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|Jim Engh-designed Tullymore Golf Club is one of northern Michigan's best tests, set on over 800 acres with a 148 slope. (Courtesy of Tullymore G.C.)|
Northern Michigan golf courses such as The Bear at Grand Traverse Resort, Timberstone and Tullymore pack plenty of pretty - as well as punch.
Golfers make the trek to northern Michigan for its remoteness, expansive treetop views from elevated tees and the sound of their drives echoing through the forests.
But balls struck squarely off a tree make quite a noise, too. And northern Michigan has plenty of golf courses that will shred your scorecard if you don't bring your A-game.
We've found some of northern Michigan's most beautiful "beat downs" to challenge your game while you enjoy the scenery. Of course, each course has at least four sets of tees. We're just using the back tee slope/ratings to make your knees shake a little:
The Bear, Grand Traverse Resort and Spa (Slope/Rating 148/76.3): When The Bear opened it made a statement at the new Grand Traverse Resort and Spa outside Traverse City. Built in 1984, The Bear continues to be the standard of difficulty by which other courses are measured in Michigan - and where no one will hit any of these well-guarded greens by accident.
Toughest hole: No. 18 is a long, tour-worthy finishing hole that offers a split fairway from the tee to cut off yardage - which you'll need in order to hit the shortest iron possible over water to a well-guarded, small green.
TimberStone at Pine Mountain (Slope/Rating: 148/75.0): Tight, forest-lined fairways and steep undulation changes both up and down make this upper peninsula gem designed by Jerry Matthews a demanding test, even though it's not overly long from the championship tees at under 7,000 yards.
Toughest hole: No. 9, nicknamed "Black Diamond," is a long par 4 that heads 471 yards downhill through a tight forest chute. Water guards the fairway right and the green short and left.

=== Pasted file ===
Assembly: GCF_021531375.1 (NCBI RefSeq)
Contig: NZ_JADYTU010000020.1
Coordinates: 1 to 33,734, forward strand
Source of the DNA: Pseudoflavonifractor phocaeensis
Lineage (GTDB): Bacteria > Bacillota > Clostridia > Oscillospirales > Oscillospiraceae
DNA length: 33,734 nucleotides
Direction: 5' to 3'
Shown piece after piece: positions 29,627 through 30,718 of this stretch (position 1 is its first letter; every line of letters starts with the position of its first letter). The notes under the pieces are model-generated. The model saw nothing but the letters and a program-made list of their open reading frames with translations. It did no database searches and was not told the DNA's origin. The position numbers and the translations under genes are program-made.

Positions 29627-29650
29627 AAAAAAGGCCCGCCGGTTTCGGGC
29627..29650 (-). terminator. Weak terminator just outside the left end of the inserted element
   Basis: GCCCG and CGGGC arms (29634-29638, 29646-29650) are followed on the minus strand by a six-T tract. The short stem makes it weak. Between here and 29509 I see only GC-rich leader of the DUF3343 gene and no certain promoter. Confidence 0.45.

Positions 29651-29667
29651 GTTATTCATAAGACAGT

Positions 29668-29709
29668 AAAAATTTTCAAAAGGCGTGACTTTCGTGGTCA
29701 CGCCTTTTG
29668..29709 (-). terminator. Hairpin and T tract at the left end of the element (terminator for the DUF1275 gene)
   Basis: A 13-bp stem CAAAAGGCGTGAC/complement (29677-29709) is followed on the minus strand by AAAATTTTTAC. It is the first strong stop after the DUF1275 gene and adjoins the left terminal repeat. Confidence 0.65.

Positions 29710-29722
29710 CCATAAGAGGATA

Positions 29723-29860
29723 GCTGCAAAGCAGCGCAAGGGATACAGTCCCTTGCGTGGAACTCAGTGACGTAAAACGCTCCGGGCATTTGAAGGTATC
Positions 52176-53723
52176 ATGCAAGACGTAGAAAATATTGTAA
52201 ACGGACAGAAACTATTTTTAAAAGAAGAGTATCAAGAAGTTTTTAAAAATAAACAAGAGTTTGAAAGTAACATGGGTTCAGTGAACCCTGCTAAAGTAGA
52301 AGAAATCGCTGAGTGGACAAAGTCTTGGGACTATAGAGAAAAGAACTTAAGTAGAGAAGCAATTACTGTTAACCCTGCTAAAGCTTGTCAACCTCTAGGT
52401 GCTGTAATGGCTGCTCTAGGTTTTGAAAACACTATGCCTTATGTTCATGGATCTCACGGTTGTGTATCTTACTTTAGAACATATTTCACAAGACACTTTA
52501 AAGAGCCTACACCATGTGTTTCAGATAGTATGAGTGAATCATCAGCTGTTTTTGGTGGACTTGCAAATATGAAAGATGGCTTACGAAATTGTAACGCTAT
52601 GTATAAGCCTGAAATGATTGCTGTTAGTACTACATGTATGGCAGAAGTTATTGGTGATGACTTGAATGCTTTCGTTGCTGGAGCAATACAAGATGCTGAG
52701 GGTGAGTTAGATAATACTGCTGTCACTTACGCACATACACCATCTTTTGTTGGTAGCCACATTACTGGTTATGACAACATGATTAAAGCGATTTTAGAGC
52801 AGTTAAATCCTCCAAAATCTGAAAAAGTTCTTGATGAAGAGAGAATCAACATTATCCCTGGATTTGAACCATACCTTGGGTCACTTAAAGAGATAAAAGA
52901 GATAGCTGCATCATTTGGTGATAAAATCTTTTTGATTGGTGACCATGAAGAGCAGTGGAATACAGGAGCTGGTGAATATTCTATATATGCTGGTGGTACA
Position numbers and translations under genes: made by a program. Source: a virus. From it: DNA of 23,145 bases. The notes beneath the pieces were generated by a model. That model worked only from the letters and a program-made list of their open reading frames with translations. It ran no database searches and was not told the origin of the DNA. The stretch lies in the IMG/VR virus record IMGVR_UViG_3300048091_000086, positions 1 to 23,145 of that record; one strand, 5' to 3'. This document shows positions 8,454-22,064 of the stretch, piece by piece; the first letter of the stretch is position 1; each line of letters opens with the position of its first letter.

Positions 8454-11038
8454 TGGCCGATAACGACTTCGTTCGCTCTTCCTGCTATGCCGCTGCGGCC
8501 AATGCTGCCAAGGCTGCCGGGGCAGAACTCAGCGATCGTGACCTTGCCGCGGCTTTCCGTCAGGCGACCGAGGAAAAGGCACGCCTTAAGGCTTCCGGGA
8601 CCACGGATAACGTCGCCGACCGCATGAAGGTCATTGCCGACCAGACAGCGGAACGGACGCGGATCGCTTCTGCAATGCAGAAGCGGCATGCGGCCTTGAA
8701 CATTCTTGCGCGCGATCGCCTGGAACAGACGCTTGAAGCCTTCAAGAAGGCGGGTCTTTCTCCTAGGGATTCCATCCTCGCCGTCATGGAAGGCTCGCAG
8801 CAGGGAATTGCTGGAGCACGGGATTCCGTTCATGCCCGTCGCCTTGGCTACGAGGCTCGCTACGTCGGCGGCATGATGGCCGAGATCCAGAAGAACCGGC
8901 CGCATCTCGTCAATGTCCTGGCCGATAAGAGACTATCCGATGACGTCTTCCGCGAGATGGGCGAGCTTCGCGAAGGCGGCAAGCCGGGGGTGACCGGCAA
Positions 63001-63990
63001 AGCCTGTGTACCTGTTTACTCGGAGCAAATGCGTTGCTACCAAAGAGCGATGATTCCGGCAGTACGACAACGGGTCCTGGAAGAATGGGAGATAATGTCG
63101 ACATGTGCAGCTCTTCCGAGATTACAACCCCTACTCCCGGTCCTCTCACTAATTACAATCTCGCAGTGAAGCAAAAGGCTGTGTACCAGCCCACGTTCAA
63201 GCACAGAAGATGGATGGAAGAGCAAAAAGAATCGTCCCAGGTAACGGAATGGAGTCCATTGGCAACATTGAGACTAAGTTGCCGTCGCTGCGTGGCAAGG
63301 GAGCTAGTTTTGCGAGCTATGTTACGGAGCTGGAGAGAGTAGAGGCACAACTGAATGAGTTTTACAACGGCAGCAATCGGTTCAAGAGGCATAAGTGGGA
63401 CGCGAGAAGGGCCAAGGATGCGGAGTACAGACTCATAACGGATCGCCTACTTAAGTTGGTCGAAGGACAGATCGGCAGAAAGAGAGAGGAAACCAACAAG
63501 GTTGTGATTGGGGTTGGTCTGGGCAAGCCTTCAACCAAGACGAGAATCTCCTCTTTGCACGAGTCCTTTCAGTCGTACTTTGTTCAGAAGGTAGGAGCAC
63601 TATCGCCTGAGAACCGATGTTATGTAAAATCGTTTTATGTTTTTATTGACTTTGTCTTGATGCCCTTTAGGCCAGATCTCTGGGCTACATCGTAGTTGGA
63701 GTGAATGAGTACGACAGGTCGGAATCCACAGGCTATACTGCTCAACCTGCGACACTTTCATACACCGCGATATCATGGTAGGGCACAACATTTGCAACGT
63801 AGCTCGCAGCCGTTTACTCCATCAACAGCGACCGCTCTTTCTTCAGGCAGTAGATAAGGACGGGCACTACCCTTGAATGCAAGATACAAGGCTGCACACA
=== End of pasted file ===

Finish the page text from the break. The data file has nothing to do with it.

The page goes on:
Tullymore Golf Club (Slope/Rating: 148/74.9): The massive piece of property Tullymore employs, over 800 acres, is trademark northern Michigan golf. Its flatter, swampy land is not - and the result is a penal, water-heavy design by Jim Engh that stands out thanks to its "knuckle bunkering."
Toughest hole: No. 12, nicknamed "Dell on Steroids" after the famous Lahinch G.C. blind green in Ireland, this par 3 plays 257 yards over water to a bowled, mostly blind green. If you're going to miss, miss long.
Masterpiece - Robert Trent Jones, Sr., Treetops Resort (Slope/Rating: 143/75.3): The flagship of the Treetops Resort courses, this is still probably the toughest, thanks to a mix of both invigorating, scenic holes (like the signature sixth) and punishers.
Toughest hole: There are scores of fun tee shots at the Treetops Resort, but the drive on No. 3, a 419-yard par 4, is just intimidating. It requires a drive through a tight chute of trees that demands carry over a ravine. A blind drop-off lurks left.
Black Forest at Wilderness Valley (Slope/Rating: 147/75.3): As a par 73, here your score is already going to be one stroke higher than usual. Thick forest lines most holes, while the greens are often very small and heavily bunkered.
Toughest hole: No. 17, a long par 4, requires a shot to an elevated, sliver of green built into a hillside with a drop-off right and very little room on either side. Getting up-and-down here is a sterling accomplishment.
Forest Dunes Golf Club (Slope/Rating: 142/74.8): "A mix of Pine Valley and Augusta National" is how the Tom Weiskopf-designed Forest Dunes is often described, thanks to the front nine set in parkland forest, followed by a wide open, dunes-like back side, including the "Hell's Acre" hole on the par-3 16th.
Toughest hole: The fairway on the 464-yard, par-4 14th gets pinched tightly by a bunker right and water left, followed by a shot to a green guarded heavily by water short and left, with bunkers on every side.
Arcadia Bluffs Golf Club (Slope/Rating: 147/75.4): Michigan's best links creation on bluffs overlooking lake Michigan, this Rick Smith signature course on 245 lakefront acres is filled with wispy dunes, sod-walled bunkers and narrow fairways, which is the closest thing you'll find to Whistling Straits across the lake. Expect high winds across this wide-open tract.
Toughest hole: No. 10 is a 481-yard par 4 that features a partially blind tee shot to a narrow fairway, with a green protected by a steep bunker front-left.
May 28, 2009
Brandon Tucker is the Managing Editor for Golf Advisor. To date, his golf travels have taken him to over two dozen countries and over 500 golf courses worldwide. While he's played some of the most prestigious courses in the world, Tucker's favorite way to play the game is on a great muni in under three hours. Follow Brandon on Twitter at @BrandonTucker.
Here are the best 36-hole facilities open to the public. All of them share a clubhouse and offer two exceptional 18-hole golf courses. Most of the clubs are part of a resort, and in some cases you even stay on site. No matter which you visit, you can't go wrong playing 36 holes at any of them.
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